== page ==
|Rotem Kahalon || |
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|Verena Klein || |
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|Inna Ksenofontov || |
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|Johannes Ullrich || |
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|Stephen C. Wright || || |
Lack of sample diversity: How biased is our research practice?
Rotem Kahalon, University of Zurich, Switzerland
Verena Klein, University of Michigan
Inna Ksenofontov, Osnabrück University, Germany
Johannes Ullrich, University of Zurich, Switzerland
Stephen C. Wright, Simon Fraser University, Canada
Imagine scrolling through your google scholar notifications trying to get a quick update of recently published articles in your field. Based on the article titles, which publications do you thinks would be most likely to inspire further consideration? Our research suggests that researchers may pay less attention to articles if the title mentions the country that the sample was drawn from, and that this is especially true if that country is not the United States.
The academic literature in psychology lacks diversity in terms of the studied populations. Most research includes participants from Western, educated, industrialized, rich, and democratic (WEIRD) countries. In fact, most is done in the U.S., and is authored by U.S. scientists. As a result, much of the current psychological knowledge is actually based on only 11–15% of the world’s population and really cannot be considered representative of humanity as a whole.
However, the problem is not just the paucity of published non-WEIRD research but also the lack of attention to and citation of research in non-WEIRD contexts which further reduce its impact on the field.
Although we would like to think that our findings are relevant and generalizable to all humans, it is clear that social psychological phenomena cannot be well defined independent of their context, and overlooking cultural influences seriously jeopardizes our understanding of these phenomena.
It also leads us to perceive and treat WEIRD populations, and especially the U.S., as the norm for human behaviour, while other populations are perceived as unique and therefore deviant from the norm (i.e., special cases).
Practices that contribute to this problem
In our own work we investigated how mentioning the sample’s country in the article title might contribute to the problem.
Analyzing current publication practice of four leading social psychology journals (Study 1) and conducting two experiments (Study 2), we found that mentioning the sample’s country in the title is more prevalent in research articles that include samples from non-WEIRD countries. Crucially, this practice was associated with less scientific attention and fewer citations – reasonable proxies for impact and inclusion.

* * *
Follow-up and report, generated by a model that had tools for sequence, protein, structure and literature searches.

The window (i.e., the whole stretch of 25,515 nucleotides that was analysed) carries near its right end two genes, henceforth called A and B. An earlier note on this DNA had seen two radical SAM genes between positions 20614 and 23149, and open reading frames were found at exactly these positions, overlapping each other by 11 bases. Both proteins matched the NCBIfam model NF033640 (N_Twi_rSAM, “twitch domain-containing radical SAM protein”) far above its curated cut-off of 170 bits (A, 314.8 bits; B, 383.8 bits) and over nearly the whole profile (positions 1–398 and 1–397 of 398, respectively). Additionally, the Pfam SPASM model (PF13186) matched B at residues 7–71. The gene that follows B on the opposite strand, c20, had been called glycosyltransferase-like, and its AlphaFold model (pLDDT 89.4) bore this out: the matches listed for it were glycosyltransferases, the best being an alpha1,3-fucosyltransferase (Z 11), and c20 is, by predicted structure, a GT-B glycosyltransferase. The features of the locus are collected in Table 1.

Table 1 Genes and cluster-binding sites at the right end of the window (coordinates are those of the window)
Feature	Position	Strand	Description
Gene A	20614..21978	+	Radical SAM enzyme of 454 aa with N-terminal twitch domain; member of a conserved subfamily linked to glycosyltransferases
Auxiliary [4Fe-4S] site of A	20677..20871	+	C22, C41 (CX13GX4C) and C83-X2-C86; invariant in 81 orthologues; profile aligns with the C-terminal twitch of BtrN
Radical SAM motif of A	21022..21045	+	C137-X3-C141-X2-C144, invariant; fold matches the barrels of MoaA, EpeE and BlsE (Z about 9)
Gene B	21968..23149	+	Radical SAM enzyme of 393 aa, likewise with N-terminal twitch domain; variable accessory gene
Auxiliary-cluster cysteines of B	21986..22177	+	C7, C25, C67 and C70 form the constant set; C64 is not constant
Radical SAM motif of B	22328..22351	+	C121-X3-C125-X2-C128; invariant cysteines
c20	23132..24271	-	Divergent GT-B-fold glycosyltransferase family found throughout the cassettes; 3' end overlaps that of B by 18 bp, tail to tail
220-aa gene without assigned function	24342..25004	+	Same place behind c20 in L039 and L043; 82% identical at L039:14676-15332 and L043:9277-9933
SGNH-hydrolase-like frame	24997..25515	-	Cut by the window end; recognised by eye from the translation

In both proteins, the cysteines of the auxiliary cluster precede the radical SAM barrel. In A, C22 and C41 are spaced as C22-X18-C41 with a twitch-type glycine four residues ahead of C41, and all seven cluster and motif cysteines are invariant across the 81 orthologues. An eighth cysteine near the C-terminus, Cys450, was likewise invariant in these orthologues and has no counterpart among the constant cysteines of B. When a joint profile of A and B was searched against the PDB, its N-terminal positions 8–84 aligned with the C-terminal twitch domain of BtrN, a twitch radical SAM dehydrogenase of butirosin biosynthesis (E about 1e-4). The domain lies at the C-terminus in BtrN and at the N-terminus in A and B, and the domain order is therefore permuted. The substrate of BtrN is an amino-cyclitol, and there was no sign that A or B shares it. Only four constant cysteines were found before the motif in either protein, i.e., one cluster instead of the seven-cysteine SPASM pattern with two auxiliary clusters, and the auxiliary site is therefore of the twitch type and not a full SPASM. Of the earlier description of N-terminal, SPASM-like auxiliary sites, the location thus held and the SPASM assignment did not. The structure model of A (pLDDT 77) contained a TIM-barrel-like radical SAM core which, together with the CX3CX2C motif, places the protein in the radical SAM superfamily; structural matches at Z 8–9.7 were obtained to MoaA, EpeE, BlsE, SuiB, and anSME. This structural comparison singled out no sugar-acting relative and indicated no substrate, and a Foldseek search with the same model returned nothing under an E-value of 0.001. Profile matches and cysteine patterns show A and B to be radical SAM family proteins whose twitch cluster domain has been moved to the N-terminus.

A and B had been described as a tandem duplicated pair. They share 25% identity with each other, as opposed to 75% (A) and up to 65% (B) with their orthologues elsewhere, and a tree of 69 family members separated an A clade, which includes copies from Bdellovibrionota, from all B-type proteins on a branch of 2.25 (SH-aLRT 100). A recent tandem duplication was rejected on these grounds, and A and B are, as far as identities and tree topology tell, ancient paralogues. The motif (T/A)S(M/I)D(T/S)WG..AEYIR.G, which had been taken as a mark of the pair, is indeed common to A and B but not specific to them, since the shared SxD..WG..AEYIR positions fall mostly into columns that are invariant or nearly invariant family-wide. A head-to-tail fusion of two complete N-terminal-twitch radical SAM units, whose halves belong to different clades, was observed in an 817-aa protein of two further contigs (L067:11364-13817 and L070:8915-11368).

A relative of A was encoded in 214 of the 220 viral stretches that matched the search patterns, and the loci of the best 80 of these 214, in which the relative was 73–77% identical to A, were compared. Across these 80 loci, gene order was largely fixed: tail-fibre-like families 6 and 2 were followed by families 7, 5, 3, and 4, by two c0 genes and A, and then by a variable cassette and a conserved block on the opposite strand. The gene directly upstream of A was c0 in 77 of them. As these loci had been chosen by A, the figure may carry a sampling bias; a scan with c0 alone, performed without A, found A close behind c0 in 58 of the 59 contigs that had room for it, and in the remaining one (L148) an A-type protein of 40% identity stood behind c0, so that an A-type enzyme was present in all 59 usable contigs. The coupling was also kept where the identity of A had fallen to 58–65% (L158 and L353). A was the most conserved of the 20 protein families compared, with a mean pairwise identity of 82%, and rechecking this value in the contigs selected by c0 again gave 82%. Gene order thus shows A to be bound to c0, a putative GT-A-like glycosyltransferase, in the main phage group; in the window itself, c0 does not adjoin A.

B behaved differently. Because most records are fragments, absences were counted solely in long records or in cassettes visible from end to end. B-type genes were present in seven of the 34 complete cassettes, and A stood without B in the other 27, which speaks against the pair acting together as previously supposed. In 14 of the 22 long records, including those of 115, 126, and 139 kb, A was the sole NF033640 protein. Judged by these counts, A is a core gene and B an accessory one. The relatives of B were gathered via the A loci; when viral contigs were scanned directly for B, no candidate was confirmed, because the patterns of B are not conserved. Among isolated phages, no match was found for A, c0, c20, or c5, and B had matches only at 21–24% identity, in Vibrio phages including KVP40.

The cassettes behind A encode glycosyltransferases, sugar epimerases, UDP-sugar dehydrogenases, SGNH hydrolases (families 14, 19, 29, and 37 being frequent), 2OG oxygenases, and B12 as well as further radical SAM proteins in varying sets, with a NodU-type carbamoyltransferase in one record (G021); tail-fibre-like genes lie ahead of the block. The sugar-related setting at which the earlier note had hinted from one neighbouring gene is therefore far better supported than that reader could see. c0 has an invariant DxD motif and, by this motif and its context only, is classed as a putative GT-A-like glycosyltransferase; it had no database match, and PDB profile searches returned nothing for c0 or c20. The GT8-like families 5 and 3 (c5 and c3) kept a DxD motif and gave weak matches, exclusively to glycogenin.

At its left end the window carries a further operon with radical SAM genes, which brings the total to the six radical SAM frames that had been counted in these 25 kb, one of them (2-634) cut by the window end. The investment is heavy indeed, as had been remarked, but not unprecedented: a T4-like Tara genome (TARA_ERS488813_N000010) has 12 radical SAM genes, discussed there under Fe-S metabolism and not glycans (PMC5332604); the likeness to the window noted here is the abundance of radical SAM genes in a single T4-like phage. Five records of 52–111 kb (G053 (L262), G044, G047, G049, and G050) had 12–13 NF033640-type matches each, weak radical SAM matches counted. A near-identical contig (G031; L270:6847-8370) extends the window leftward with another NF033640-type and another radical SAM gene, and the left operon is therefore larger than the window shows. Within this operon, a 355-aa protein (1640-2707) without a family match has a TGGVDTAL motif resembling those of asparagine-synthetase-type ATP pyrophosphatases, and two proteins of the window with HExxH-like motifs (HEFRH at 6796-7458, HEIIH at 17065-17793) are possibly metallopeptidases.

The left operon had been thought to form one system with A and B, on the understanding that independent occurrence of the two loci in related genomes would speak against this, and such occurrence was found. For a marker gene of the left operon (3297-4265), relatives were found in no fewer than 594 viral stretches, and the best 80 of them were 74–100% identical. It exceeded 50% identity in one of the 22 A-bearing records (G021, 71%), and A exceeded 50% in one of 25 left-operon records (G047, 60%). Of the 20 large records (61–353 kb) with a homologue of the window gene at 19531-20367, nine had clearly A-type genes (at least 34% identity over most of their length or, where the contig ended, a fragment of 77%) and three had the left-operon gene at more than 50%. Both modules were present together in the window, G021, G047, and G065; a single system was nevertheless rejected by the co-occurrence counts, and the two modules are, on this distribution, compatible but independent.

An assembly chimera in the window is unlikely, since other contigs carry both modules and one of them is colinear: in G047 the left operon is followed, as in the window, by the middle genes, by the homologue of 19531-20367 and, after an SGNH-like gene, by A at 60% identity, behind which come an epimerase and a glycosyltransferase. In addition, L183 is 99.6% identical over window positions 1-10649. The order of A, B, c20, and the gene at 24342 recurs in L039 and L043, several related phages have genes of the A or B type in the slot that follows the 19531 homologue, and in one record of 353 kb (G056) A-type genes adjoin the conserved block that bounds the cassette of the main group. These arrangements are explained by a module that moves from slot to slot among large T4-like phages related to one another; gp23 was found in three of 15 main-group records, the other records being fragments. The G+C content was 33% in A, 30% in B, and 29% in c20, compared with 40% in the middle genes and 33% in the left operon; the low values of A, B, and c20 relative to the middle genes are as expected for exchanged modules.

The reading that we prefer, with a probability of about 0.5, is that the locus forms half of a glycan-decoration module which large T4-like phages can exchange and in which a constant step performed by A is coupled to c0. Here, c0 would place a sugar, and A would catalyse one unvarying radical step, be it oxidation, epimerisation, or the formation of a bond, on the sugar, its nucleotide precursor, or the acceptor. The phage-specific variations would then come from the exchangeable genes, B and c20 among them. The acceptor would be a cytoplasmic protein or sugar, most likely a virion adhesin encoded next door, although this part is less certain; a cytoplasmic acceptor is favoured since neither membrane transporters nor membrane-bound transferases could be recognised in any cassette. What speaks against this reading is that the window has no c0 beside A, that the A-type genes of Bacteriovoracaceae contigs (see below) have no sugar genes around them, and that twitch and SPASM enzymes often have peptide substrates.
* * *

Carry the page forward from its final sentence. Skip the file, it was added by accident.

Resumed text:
We suggest that this phenomenon represents a (perhaps unintentional) form of structural discrimination, which can lead to underrepresentation and reduced impact of social psychological research done with non-WEIRD samples, and reduce the profile and opportunities of those doing research with these populations.
In addition, citing articles that include only WEIRD samples, even when articles with non-WEIRD samples are available, perpetuates the status quo and further solidifies WEIRD populations’ place as the prototype for human psychology.
What can we do about it?
How can we make the core literatures in psychology more inclusive and representative of all human behaviour?
First, the field as a whole, including authors, reviewers, and editors must make efforts to make psychological science less WEIRD.
Be aware - We must be more aware of subtle mechanisms that affect our decision making. Given that mentioning the sample’s country in the title reduces the probability that the article will get scientific attention, please don't ask (only) authors from “non-WEIRD” countries to state the country in the title if you serve as an editor or a reviewer. Also, authors who do research outside the U.S. should consider the possible negative outcomes when stating the studied population in the title.
Guidelines - Ideally, all authors should be held to the same standards and highlight the origin of their samples, since a complete understanding of psychological research requires the consideration of context. However, based on our results we suggest that journal guidelines should require a description of the sample, including country, in the abstract but not in the title.
Cheon, B. K., Melani, I., & Hong, Y. Y. (2020). How USA-centric is psychology? An archival study of implicit assumptions of generalizability of findings to human nature based on origins of study samples. Social Psychological and Personality Science, 11, 928–937. https://doi.org/10.1177/1948550620927269
Kahalon, R., Klein, V., Ksenofontov, I., Ullrich, J., & Wright, S. C. (2021). Mentioning the sample’s country in the article’s title leads to bias in research evaluation. Social Psychological and Personality Science, https://doi.org/10.1177/19485506211024036.
Rad, M. S., Martingano, A. J., & Ginges, J. (2018). Toward a psychology of Homo sapiens: Making psychological science more representative of the human population. Proceedings of the National Academy of Sciences of the United States of America, 115, 11401–11405. https://doi.org/10.1073/pnas.1721165115
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